Lunar Cycle - May 2020 (Better Late Than Never)

Since I don’t have as much time to write longer reviews than I used to, I figured I would just post shorter reviews for horror/cult films that I feel deserve your attention. Expect these Lunar Cycle posts once per month.

DEMON WIND (1990) - *** out of ****

Directed By: Charles Philip Moore

Starring: Eric Larson, Francine Lapensee, Rufus Norris, Jack Vogel, Stephen Quadros, Sherry Leigh, Bobby Johnston, Mia M. Ruiz, Richard Gabai, Tiffany Million, Elizabeth Ince

Genre: Horror/Supernatural/Demons

Running Time: 96 Minutes

Plot: The strange and brutal deaths of Cory’s grandparents has haunted him for years. Determined to discover the truth, he has returned to the desolate region where they lived, along with a group of friends, to try and uncover the mystery. Ignoring warnings from the locals that the arena is cursed, Cory and his friends soon realize that the legend is true, as the Demon Wind possesses and destroys them, one by one, turning them into monsters from hell.

I remember the days of video store searching in the 1990s, browsing through the horror movie section to rent a couple of flicks for the weekend. There were always a few films that had VHS covers that always stood out. One of those films was definitely 1990’s DEMON WIND, a film that had a cover that always captured my attention every time I went to a video store. But I never took the chance on renting the film for whatever reason. Maybe I wasn’t mature enough to expand my horror horizons at that point. Maybe a part of me felt that the cover would be better than the actual film itself. But for whatever reason, it took me until this month to finally sit down and watch a film that has carried quite a reputation for 30 years.

With a title like DEMON WIND, I was expecting at some point to see some giant demon throw a massive fart or something. But what I got was a horror film that doesn’t hide its influences at all. While director Charles Philip Moore is definitely emulating 1981’s THE EVIL DEAD, there’s also a bit of 1988’s NIGHT OF THE DEMONS at play while other elements from many zombie movies are in full effect. While that combination is interesting on paper, the wooden acting, cheesy special effects, and bonkers narrative quickly bring down the quality of the feature. DEMON WIND is a pretty terrible movie and it’s easy to see why a lot of folks are down on this one and dismiss it. But there’s something so entertainingly stupid about the whole thing that you can’t help but have fun with it’s “so-bad-it’s-good” quality.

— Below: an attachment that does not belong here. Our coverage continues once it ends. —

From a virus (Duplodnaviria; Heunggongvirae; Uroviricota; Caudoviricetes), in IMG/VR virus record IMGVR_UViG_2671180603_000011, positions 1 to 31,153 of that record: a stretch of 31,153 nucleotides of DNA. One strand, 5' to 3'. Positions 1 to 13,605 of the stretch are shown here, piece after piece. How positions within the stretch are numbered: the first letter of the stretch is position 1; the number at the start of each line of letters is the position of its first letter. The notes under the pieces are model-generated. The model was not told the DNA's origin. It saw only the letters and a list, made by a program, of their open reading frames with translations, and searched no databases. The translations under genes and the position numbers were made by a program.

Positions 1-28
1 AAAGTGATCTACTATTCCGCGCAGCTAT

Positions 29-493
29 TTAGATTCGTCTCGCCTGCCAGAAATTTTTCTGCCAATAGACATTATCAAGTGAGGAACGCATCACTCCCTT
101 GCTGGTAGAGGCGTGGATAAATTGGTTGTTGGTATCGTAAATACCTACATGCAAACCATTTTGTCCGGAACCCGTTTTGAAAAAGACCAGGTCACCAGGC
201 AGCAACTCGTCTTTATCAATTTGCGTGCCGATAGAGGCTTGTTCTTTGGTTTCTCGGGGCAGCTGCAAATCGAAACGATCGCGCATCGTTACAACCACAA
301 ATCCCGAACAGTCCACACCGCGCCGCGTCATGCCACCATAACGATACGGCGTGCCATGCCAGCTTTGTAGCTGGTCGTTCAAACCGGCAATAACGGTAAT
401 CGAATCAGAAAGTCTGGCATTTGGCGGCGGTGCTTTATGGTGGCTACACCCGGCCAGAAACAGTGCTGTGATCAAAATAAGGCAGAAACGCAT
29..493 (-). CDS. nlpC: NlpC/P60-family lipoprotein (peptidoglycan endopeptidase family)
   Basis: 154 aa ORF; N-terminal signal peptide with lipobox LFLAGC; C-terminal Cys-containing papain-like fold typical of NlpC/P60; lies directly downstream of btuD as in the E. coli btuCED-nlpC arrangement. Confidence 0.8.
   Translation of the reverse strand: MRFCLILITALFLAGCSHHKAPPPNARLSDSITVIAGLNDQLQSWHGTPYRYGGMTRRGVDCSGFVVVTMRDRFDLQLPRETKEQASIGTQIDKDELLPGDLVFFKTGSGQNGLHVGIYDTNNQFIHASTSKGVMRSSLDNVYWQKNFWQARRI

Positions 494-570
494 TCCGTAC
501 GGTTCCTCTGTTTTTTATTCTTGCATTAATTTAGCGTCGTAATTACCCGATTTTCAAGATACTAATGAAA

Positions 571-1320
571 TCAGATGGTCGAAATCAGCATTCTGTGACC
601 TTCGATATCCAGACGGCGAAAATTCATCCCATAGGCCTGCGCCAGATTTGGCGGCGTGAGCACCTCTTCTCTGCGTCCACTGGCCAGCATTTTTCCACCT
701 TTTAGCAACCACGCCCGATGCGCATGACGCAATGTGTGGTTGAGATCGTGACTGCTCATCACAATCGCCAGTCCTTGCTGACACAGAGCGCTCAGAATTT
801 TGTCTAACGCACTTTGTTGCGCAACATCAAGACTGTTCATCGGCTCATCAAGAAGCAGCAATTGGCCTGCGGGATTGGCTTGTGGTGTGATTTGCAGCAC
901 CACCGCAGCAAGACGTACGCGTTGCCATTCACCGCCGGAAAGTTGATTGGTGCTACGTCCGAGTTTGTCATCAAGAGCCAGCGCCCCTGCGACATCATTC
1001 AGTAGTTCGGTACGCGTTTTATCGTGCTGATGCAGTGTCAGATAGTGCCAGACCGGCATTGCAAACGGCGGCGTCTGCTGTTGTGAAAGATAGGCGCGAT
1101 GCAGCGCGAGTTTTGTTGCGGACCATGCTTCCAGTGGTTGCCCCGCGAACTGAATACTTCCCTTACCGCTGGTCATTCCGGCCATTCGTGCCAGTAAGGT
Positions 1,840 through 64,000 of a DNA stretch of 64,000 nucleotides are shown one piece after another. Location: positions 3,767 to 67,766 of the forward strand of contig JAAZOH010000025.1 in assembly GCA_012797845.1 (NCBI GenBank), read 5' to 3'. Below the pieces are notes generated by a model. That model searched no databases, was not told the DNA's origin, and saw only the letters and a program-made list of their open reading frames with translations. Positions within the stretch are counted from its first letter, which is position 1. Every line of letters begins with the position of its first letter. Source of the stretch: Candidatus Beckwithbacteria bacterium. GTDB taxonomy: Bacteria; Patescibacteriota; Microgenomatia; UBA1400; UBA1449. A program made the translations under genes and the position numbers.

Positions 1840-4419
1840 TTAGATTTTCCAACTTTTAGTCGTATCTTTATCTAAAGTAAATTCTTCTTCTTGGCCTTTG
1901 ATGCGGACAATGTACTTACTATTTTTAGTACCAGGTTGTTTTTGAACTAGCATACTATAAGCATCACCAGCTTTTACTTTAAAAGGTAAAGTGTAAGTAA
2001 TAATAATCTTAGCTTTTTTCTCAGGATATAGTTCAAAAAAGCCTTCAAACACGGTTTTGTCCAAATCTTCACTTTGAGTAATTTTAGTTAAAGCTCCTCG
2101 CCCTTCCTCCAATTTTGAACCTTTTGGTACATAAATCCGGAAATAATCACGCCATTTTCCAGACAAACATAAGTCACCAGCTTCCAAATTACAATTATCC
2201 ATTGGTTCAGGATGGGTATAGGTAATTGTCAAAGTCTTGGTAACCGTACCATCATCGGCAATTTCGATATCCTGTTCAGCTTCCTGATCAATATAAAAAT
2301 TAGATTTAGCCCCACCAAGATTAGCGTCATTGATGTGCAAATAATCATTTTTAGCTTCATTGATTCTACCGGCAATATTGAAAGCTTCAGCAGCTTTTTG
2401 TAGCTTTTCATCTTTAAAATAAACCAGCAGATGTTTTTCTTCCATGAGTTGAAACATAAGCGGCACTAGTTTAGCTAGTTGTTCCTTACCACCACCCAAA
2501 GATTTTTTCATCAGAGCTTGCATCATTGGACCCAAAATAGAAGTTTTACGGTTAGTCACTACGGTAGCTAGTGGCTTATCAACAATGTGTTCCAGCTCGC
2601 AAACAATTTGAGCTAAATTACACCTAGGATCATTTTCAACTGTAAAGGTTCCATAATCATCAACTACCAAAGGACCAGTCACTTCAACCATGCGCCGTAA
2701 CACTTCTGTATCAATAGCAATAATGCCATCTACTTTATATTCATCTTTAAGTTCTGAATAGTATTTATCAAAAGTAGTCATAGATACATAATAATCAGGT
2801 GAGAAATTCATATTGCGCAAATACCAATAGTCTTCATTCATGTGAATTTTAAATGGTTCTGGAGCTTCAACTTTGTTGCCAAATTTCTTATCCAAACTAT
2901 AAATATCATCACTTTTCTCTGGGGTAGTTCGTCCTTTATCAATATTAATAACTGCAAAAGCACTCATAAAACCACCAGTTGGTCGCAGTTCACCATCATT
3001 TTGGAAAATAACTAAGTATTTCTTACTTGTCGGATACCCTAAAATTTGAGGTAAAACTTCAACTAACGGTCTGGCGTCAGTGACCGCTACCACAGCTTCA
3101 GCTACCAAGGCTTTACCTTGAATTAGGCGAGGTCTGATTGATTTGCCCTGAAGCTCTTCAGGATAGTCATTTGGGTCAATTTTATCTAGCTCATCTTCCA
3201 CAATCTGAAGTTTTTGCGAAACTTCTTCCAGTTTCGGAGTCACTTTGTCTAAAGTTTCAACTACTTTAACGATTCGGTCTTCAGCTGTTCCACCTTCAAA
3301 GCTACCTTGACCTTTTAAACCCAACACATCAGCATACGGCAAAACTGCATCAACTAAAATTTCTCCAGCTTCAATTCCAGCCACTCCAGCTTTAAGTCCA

The narrative of this film is something else. It starts out one way where you start to get into the groove of it, only for the story to take these random turns and add in unnecessary elements to fill up to its feature length. It begins in the past [1931, later changed to 1929 for reasons unknown] with some Satanic ritual shenanigans that goes really wrong. Then we quickly head into present day where the main character [Cory] is related to those who were murdered in the prologue and brings his girlfriend and four friends along to the same cursed cabin to see what happened to his grandparents, despite everyone in town warning him to do the opposite. Soon enough, the curse traps them there and they have to deal with demons wanting their souls. That sounds simple enough, but then the film decides that isn’t enough. There are ghost children who can turn people into dolls. Cory learns he’s a descendant of witches and has visions that warn him of the future. There’s also this deal with seven special daggers that are able to kill the demons, despite the film only using two of them [what is the point of seven, then?]. The daggers look more like ice picks than daggers, as well, confusing me further. We have weird portals and a gooey boss who is able to absorb other demons to become more powerful. And of course, there’s that character who needs to read things out loud, not realizing he’s summoning evil to this specific cabin they’re staying at. The film also gets unintentionally funny when characters die, only for two new friends to randomly show up without a mention of them prior to this, living enough to add to the body count right away. It’s like Moore decided to take an easy premise and then just throw a whole bunch of toppings on it to complicate the formula for whatever reason. Usually this kind of thing would annoy the hell out of me. But the structure and storytelling was so bizarre and silly that I couldn’t help but laugh every time the story would add something new that wasn’t needed. I stopped thinking about the growing mess and just enjoyed the ride getting to the film’s conclusion. DEMON WIND charmed me with its awfulness, I couldn’t help it.